Howell’s School in Llandaff places high levels of wellbeing at the heart of their approach to helping pupils settle in. The school introduced ‘First 50’ – a wellbeing programme that provides pupils with a series of experiences over the first 50 days of Year 12 to ensure that the move to a new school was a positive experience.
Number of pupils: 821
Age range: 3-18 years
Date of Estyn inspection: February 2015
Information about the school
Howell’s School, Llandaff is an independent day school for girls from the age of three to 18 years and boys from 16 to 18 years. The sixth form is known as Howell’s College and has been coeducational since September 2005.
Howell’s School was founded in 1860 by the Drapers’ Company. In 1980, Howell’s School joined the Girls’ Day School Trust, a charitable organisation that provides independent education in schools and a few academies across the United Kingdom. The Girls’ Day School Trust is the school’s proprietor. Most functions of governance are carried out centrally by the Girls’ Day School Trust Council and chief executive. The school also has a board of local governors who provide additional support and advice.
Context and background to sector-leading practice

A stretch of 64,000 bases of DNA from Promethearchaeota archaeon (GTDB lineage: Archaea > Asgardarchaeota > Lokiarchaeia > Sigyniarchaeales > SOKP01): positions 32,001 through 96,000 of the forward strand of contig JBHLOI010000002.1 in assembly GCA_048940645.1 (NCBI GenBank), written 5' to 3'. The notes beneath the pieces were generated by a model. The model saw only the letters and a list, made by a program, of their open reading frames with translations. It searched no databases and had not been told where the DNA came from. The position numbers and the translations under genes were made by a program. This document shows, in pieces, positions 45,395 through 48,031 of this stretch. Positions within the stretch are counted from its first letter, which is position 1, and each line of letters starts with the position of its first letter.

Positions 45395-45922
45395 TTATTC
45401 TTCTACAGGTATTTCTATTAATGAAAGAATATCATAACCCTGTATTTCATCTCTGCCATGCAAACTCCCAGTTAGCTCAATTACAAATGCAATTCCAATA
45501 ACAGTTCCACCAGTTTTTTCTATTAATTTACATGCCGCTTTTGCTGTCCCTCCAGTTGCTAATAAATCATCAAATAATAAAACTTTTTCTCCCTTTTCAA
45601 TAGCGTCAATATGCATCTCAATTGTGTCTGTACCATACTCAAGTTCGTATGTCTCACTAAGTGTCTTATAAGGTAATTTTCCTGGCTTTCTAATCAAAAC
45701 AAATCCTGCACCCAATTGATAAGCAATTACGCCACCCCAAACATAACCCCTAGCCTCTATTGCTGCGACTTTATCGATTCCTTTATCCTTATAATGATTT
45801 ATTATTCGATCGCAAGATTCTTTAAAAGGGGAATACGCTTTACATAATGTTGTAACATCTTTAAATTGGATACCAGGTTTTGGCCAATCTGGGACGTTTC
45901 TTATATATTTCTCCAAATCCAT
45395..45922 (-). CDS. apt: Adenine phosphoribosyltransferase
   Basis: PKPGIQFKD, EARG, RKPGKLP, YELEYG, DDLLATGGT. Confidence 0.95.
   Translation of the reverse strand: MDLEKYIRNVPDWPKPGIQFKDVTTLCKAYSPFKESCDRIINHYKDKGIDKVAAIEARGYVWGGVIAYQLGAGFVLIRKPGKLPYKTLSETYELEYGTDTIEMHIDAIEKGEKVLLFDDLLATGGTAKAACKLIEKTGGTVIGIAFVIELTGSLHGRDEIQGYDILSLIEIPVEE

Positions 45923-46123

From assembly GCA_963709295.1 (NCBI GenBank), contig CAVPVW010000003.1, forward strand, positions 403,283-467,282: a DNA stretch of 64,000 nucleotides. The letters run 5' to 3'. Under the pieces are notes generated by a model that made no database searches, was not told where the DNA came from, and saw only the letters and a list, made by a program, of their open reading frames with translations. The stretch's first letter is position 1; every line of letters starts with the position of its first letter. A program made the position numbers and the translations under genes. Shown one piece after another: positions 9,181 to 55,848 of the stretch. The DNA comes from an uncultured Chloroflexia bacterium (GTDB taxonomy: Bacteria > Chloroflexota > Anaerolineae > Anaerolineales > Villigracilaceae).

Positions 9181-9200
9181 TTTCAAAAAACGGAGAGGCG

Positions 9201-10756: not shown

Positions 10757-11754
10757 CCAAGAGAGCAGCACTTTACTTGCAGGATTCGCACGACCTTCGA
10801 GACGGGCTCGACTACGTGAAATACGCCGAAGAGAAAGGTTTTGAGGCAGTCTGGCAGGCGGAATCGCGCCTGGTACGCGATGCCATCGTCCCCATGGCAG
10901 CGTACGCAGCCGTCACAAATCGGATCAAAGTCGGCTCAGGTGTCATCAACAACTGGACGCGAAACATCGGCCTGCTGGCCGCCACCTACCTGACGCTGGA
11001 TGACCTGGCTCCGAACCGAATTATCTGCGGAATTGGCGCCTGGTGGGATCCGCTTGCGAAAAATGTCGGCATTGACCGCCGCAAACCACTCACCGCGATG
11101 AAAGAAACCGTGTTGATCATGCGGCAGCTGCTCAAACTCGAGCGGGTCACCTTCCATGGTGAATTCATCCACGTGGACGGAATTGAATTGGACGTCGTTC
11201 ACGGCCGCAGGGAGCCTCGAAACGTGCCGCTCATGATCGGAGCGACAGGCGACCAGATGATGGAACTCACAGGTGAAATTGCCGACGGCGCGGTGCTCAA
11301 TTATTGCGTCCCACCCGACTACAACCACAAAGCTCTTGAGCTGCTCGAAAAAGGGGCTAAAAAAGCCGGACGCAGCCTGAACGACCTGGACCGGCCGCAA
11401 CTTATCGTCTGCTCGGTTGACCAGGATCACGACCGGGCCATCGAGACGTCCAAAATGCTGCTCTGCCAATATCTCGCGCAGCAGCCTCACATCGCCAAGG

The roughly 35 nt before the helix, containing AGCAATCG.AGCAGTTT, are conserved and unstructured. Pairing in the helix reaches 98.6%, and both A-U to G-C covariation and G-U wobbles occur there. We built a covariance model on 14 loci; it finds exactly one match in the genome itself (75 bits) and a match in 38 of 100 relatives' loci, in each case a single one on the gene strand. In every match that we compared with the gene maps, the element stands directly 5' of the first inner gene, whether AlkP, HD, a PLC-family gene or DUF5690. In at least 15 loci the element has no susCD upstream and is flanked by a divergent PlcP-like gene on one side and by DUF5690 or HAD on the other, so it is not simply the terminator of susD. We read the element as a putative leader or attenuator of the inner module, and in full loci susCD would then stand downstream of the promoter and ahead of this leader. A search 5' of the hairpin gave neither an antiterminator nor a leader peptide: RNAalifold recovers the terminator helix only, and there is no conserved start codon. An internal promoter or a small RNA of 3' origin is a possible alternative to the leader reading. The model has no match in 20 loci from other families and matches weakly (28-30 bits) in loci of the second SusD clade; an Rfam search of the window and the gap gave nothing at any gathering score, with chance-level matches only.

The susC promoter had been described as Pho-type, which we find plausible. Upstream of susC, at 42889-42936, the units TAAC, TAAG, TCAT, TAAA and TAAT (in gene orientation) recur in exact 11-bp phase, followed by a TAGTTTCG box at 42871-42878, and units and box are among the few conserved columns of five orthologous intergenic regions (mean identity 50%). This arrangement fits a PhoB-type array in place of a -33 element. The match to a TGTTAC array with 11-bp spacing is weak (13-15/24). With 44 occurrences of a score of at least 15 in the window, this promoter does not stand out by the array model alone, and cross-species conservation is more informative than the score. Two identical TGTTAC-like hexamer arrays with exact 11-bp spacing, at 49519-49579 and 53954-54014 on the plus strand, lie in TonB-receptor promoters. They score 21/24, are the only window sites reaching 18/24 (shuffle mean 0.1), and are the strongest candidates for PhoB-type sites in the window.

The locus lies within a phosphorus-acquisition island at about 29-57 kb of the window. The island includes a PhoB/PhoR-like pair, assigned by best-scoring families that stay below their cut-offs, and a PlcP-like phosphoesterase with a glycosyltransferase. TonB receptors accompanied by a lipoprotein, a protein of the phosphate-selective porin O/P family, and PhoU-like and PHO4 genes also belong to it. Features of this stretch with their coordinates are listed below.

Ensuring consistently high levels of wellbeing is at the heart of Howell’s approach to helping pupils settle in and progress well both socially and academically at each new learning point. The high intake of girls and boys to the sixth form college means that 50% of Year 12 students are new to the school. To ensure that the move to a new school was a positive experience where Year 12 students quickly felt welcomed, valued, happy and confident about their learning, the school introduced ‘First 50’ – a wellbeing programme that provides students with a series of experiences, activities, events and presentations over the first 50 days of Year 12. The programme aims to ensure that all Year 12 students integrate successfully, participate actively and achieve well by the autumn half term. The approach was so successful that Howell’s has now rolled-out the programme across the school from nursery through to all key transition points.
Description of nature of strategy or activity
The Year 12 First 50 activities are grouped: in six areas of provision::
- learning tools
- parental engagement.
In each of these areas, specific practical arrangements support students in settling in. This includes activities such as an organisational skills workshop; a hot picnic; a geographical game to get to know the layout of the school; a Freshers’ Fair promoting clubs and societies; structured extended tutor times; a study-skills programme; and a welcome evening for students and parents.
It also incorporates mentoring sessions with personal tutors, a first report to assess academic progress and a self-evaluation review to give students the opportunity to reflect on how well they had adjusted. The pastoral team use the feedback from these approaches to identify where students need additional support and respond to this quickly by, for example using a buddy system or engagement in extra-curricular activities.
Building on the success of the First 50 initiative, which benefited both new and existing students on entry to their post 16 studies in the college, the school extended the strategy.